Note that while such a collet assembly will work just fine as long as things are moving the way they're supposed to, as soon as that piston gets sticky in the cylinder (likely sooner or later!), the plunger may pull away from a stuck piston during a cooldown and allow the washers to hop off the plunger and the keepers to fall out.  Hence, while just stacking the parts will work, a better idea would be to use J B Weld to glue them all onto the plunger.  It helps hold those keepers in place while you're trying to fit the washers anyway.  You might also consider replacing the collection of five flat washers with a single sleeve with a 1/8" hole through the middle, since such a thing would be less likely to hop off the plunger.

Note that the bottom of the mounting flange on this bulb is flat, rather than beveled as on the OEM bulb.  The flange is also remarkably thick.  When inserted in the recess in the baseplate, this flange protrudes above the surface -- so a flat washer won't fit down flush over it the way it did with the original bulb.  The peened-lip assembly method originally used is therefore out of the question.

Once the decision to go with a flat washer and six screw retention scheme is made, the thick flange no longer poses a problem.  It goes together the same way as the Robertshaw, only this time the washer would remain spaced above the surface of the AAV baseplate.  This requires longer screws, #4 x 3/8" long, which are actually a lot easier to find than the 1/4" long ones.

Again, a 1/2" flat washer with a 1-1/4" OD was notched at six places around the outer edge.  I chose a stainless steel washer because that's the kind of guy I am, but a basic steel washer would work.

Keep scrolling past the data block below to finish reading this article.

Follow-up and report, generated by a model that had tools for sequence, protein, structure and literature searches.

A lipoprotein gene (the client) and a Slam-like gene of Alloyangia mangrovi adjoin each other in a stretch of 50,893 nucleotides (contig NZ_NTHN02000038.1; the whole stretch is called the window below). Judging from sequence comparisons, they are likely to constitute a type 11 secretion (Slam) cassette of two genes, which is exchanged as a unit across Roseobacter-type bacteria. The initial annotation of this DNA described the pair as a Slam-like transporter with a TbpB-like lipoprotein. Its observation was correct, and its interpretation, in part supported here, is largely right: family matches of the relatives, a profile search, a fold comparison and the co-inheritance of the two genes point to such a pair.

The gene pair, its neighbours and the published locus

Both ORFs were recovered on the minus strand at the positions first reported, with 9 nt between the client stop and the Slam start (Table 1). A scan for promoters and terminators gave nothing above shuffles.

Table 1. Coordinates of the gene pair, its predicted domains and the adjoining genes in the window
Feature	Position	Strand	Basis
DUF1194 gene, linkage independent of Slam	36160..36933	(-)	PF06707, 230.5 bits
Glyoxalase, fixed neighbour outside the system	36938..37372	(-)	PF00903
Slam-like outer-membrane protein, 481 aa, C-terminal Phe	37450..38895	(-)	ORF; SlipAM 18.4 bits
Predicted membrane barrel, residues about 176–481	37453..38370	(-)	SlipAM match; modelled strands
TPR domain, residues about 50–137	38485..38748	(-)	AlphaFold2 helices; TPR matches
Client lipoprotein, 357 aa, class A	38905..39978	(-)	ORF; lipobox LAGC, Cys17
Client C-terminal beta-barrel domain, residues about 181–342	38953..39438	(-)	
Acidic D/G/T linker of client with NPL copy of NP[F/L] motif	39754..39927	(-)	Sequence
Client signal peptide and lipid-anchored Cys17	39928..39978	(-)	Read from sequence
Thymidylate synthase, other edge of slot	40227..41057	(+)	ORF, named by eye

Meanwhile, the lip on the baseplate was removed (broken off with pliers, then filed flat).  The notched washer was then held against the baseplate to mark the location of the notches.  The locations were center-punched and drilled with a 3/32" drill bit, using care not to break through the other side.

Rather than use an O-ring, I decided to seal this assembly with a gasket.  A circular gasket was cut from gasket stock, with an OD that would just barely fit into the opening in the baseplate and a hole in the middle that fit snugly around the bottom of the bulb.  If you have suitable hole punches, this is an easy job.  I happened to have a suitable one for the center hole, but none suitable for the outer circumference.  I punched the center hole then slid the gasket onto the bulb and trimmed around the flange with a pair of scissors.  Worked well enough.

The gasket was installed on the bulb with a little Hylomar on each side.  The bulb was inserted in the base, the notched washer positioned over it, and the six screws started.  The screws were all threaded in loosely until the washer was snug against the top of the bulb flange.  Then the screws were progressively tightened, pulling the bulb down against the gasket.  When done, the flat washer was slightly dished, so it will maintain compression on the gasket as well as tension on the screws so they won't back out.  The gasket makes the assembly easy, since it holds the bulb centered in the opening as you're tightening down the screws.

This is the finished baseplate assembly, including the collets and five washers epoxied onto the plunger.  The measurement from the bottom surface of the baseplate to the contact surface on the top washer is 22mm at room temperature -- exactly as intended.